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|October 11, 1999||
PM under intense pressure over portfolios
Tara Shankar Sahay in New Delhi
The tension among the constituents of the National Democratic Alliance reached explosive proportions early this morning as they mounted relentless pressure on Prime Minister Atal Bihari Vajpayee to take cognisance of their claims in the distribution of ministerial portfolios.
Despite the 'everything-is-hunky-dory' projection by Vajpayee and his senior Bharatiya Janata Party colleagues, the Dravida Munnetra Kazhagam and the Trinamul Congress have put their foot down for getting the portfolios of their choice, leaving the prime minister with a tough task as he gets down to the delicate business later today.
Apparently, Vajpayee's assertion yesterday that all the NDA allies will be accommodated in his government has fallen on deaf ears as the allies have kept up pressure to get the maximum possible benefit.
"I am confident that Vajpayeeji will do my party justice in the allocation of ministries," said Trinamul chief Mamata Banerjee at her party office opposite the Ram Manohar Lohia Hospital in New Delhi. "He gave me a patient hearing and now it is up to him." She refused to elaborate.
According to well-placed Bharatiya Janata Party sources, Mamata is angling for the railway portfolio and also wants a Cabinet berth for senior party colleague and former Union minister Ajit Kumar Panja. Panja himself was bubbling with enthusiasm at the prospect of becoming a central minister.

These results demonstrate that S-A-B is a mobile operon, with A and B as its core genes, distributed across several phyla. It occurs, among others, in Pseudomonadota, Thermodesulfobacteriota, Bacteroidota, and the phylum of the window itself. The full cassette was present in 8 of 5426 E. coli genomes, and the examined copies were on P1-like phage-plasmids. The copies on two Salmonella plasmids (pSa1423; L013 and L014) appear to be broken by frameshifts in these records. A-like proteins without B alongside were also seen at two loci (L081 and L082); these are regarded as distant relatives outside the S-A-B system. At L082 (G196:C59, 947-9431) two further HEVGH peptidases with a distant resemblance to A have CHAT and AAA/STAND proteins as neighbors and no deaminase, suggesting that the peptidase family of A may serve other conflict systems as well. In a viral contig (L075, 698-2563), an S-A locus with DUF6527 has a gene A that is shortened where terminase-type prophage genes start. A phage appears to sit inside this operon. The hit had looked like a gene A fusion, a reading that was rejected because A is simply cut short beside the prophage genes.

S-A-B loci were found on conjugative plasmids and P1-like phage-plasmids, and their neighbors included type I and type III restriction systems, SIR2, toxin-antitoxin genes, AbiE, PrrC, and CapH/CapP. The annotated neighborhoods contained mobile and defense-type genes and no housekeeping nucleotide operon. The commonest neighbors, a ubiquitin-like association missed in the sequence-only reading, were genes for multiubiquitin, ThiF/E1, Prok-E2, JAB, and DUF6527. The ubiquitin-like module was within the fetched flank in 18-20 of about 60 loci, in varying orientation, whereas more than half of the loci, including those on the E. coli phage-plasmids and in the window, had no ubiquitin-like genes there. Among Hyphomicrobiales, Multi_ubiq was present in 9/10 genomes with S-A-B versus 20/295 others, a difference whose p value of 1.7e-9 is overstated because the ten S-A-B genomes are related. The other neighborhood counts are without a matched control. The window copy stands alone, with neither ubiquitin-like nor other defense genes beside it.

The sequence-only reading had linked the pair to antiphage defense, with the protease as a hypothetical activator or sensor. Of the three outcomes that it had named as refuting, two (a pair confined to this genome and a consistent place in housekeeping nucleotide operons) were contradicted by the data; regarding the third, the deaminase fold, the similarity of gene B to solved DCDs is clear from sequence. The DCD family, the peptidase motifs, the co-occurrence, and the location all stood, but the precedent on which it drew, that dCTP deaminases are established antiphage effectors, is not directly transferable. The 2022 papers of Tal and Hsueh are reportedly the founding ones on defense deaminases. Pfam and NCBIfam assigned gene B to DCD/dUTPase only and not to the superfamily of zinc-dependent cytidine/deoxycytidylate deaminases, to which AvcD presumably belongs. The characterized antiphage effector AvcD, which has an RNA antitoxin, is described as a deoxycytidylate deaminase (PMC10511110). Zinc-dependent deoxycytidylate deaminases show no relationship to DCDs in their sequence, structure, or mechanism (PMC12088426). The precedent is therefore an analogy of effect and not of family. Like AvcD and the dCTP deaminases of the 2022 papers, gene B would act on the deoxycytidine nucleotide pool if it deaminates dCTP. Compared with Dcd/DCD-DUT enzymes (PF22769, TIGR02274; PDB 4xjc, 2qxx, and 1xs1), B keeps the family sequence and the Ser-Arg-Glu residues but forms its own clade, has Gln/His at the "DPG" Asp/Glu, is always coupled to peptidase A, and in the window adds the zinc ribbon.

"After all, the Trinamul Congress is a force to reckon with, especially since it has dealt a body blow to the Marxists in West Bengal," Panja pointed out. "I am sure Atalji recognises our party's electoral performance and he will treat our party accordingly in the distribution of portfolios."
If there were aggressive undertones to the Trinamul leaders' bid for central berths, the DMK's attempts in this direction were equally sharp.
The fact that DMK chief and Tamil Nadu Chief Minister M Karunanidhi has postponed by a couple of days his party's executive meeting to go into the question of whether it would join the Vajpayee government or not is a clear signal aimed at exerting additional pressure on Vajpayee to concede the ministries of the DMK's choice.
Soon after the electoral results in Tamil Nadu were known, the DMK leadership lost no time in talking about party leader Murasoli Maran's 'bright prospects' in getting the Union industry ministry, apart from various central portfolios for other party candidates.
"By giving the impression that the DMK might go the Telugu Desam Party way and not join the Vajpayee government at all but support it from outside, Karunanidhi and company have only aggravated Vajpayeeji's ponderous task," said a senior BJP vice-president. "The initial euphoria of the NDA's victory at the hustings is over and the pitfalls of a coalition government are surfacing," he emphasised.